Mike
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« Reply #42 on: November 16, 2009, 04:12:01 PM »

I use yellow "carpenters glue" also
May be Nick O will chime in and translate for us (him being a carpenter of sorts over there)
I bet we would all like to get one of those corian jigs!
Wonder if Santa has access to a CNC and some ........
-Mj
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shropshire lad
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« Reply #43 on: November 16, 2009, 05:04:37 PM »

I use yellow "carpenters glue" also
May be Nick O will chime in and translate for us (him being a carpenter of sorts over there)
I bet we would all like to get one of those corian jigs!
Wonder if Santa has access to a CNC and some ........
-Mj



  What word(s) are you having problems with in particular ?  Is it "carpenter" or is it "glue" , or both ? If you can be a bit more specific then I might be able to help .

  Nick ( calling me a carpenter might be putting it a bit strong . More like "wood butcher" )

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RoughboyModelworks
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« Reply #44 on: November 16, 2009, 08:55:03 PM »

I am also a bit unhappy with the strength of my glue joints. My procedure for gluing is this:
Regards, Håvard H

Havard:

The reason you're having problems with glue joints is that end grain has NO glue strength. The framing in your photograph is entirely assembled with butt joints, one of the weakest joints in wood-working. This is one of the primary joint lessons you learn as an apprentice cabinet-maker. We had it beaten into us. That's why we've developed half-lap joints, dovetail joints, mortice & tenon joints, and so on. The purpose of joint design is to overcome the inherent weakness of end grain joints in as economic a fashion as possible. Regardless of the size of the wood involved or the glue used, end-grain has no glue strength. Think of wood grain as a bunch of fibers and channels (which is essentially what it is). When glued along the sides or face, the glue will wrap around the fibers and form a reasonably solid connection. However, when you put glue on end grain, it travels down the length of the fibers and channels away from the joint face and has nothing to grab on to relative to the joint. Any joint that relies solely on glue will be much weaker than a joint that derives its strength from glue in combination with a sound mechanical connection.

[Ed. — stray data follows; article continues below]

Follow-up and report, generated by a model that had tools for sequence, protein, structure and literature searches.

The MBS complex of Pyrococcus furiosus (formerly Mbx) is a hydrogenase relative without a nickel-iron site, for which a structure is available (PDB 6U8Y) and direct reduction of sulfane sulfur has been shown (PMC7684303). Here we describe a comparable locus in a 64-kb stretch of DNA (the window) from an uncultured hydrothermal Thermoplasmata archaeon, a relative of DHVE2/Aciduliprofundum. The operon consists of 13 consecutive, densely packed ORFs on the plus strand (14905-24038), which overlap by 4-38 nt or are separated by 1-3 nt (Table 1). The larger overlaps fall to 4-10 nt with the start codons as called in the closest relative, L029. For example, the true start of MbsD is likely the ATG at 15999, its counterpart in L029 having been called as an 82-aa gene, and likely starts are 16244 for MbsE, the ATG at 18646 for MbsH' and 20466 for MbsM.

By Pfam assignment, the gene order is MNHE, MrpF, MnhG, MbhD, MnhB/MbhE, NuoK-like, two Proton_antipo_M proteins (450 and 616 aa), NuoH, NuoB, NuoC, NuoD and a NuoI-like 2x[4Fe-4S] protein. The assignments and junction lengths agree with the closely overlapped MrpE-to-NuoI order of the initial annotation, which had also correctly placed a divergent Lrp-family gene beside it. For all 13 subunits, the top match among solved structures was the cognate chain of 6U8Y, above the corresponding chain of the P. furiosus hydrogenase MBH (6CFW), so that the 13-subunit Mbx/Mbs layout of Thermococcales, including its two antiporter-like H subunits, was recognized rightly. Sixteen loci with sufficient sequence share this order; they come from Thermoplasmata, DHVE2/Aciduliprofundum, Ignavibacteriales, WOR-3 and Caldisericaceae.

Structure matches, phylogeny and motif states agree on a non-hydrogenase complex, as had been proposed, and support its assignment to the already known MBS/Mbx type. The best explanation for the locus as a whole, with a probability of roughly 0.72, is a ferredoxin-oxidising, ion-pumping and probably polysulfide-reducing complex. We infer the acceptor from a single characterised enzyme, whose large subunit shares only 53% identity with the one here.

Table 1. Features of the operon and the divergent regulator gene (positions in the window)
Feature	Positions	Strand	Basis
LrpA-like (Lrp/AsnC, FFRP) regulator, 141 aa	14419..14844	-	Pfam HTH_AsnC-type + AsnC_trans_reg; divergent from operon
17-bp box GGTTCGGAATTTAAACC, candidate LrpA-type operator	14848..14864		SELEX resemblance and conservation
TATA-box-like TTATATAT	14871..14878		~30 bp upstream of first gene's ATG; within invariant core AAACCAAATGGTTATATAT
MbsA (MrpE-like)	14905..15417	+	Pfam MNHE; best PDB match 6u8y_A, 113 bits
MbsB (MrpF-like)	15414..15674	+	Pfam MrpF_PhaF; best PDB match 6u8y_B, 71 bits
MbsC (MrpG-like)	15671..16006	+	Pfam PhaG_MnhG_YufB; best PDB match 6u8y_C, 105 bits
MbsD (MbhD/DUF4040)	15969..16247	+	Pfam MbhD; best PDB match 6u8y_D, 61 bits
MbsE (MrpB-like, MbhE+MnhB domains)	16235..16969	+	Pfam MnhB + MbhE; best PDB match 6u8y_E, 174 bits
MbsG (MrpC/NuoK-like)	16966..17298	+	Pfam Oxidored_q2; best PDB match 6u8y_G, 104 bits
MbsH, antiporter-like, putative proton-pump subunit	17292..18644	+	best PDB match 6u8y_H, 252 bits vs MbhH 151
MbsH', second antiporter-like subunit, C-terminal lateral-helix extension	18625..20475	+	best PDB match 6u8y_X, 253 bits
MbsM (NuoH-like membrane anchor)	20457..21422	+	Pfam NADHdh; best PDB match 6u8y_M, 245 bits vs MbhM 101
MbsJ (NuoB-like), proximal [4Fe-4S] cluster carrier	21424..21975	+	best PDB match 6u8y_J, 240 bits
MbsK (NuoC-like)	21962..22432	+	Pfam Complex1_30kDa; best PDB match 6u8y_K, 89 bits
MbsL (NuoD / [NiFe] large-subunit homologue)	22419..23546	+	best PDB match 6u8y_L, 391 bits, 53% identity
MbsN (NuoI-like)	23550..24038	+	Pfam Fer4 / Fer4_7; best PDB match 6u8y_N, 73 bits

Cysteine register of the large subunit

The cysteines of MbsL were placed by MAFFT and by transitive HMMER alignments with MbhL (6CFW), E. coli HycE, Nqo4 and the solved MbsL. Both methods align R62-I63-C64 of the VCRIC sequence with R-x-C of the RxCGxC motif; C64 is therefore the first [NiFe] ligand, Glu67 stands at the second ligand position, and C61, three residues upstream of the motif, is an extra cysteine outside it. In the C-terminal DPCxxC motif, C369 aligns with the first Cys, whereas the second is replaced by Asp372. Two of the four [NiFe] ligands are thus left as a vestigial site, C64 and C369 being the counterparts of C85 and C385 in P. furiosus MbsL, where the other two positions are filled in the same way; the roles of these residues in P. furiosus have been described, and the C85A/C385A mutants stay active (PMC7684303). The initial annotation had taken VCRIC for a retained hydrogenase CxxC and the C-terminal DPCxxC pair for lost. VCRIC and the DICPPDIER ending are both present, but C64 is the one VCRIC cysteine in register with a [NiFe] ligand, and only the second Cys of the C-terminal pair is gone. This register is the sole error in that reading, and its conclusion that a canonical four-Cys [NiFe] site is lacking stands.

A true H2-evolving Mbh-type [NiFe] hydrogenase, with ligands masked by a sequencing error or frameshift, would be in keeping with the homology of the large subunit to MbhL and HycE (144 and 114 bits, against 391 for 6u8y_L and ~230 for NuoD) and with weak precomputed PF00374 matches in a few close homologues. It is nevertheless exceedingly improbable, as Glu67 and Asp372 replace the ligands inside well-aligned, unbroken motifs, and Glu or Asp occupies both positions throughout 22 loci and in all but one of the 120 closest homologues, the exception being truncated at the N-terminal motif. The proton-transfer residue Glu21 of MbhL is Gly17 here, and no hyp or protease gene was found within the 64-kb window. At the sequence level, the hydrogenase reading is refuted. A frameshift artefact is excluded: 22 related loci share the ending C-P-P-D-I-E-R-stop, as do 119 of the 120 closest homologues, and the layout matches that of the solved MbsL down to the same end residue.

Now, in modelwork, often the pieces to be joined are small and there is no strain on the joint so you can get away with gluing end-grain joints in very small pieces. Ultimately, however, they will fail. If you need strength, such as for the floor framing, you would do well to cut rebates into the stringers for the cross members to fit into when glued. This can be done easily with a jig on a miniature table saw, such as the Preac. I published an article titled "A Sticky Subject" on this issue and the gluing method described briefly below in Issue 31 of the Narrow Gauge & Industrial Railway Modelling Review. There are also some drawings of basic woodworking joints. It's been out-of-print for a while, so perhaps it's time to republish that piece on the blog.

If you don't want to go to that trouble, then you might try the old Ambroid/Acetone glue method. I've used this exclusively for years on model wood-frame construction. Essentially you dilute Ambroid cement in Acetone. I've found about a 40% Ambroid/60% Acetone mix seems to work best but you should experiment. The important thing is you want it thin enough to brush without building up a thick layer of cement. Then, precoat both pieces in the precise area to be joined. On end grain pieces, put on 2 or 3 coats. It will absorb into the end grain of the wood. Let it dry, then assemble the pieces into position in your jig. Once in place, flow a drop or two of straight Acetone into the assembled joint. It will quickly flow into the joint and evaporate from the outside surfaces. It will soften the inner layers of Ambroid/Acetone mix on opposing faces of the joint and effectively weld the two pieces together. This can be done with pre-stained and weathered pieces, though not pieces that have a heavy layer of paint on them in the joint areas, as long as you're careful with the Acetone. It's an old technique and one that I've found to be very reliable, quick, clean and strong as long as you work carefully. I have board-by-board plank-on-frame structure models that have been built this way that have withstood packing, shipping and several moves with no broken glue joints.

Paul
« Last Edit: November 16, 2009, 11:13:19 PM by Roughboy » Logged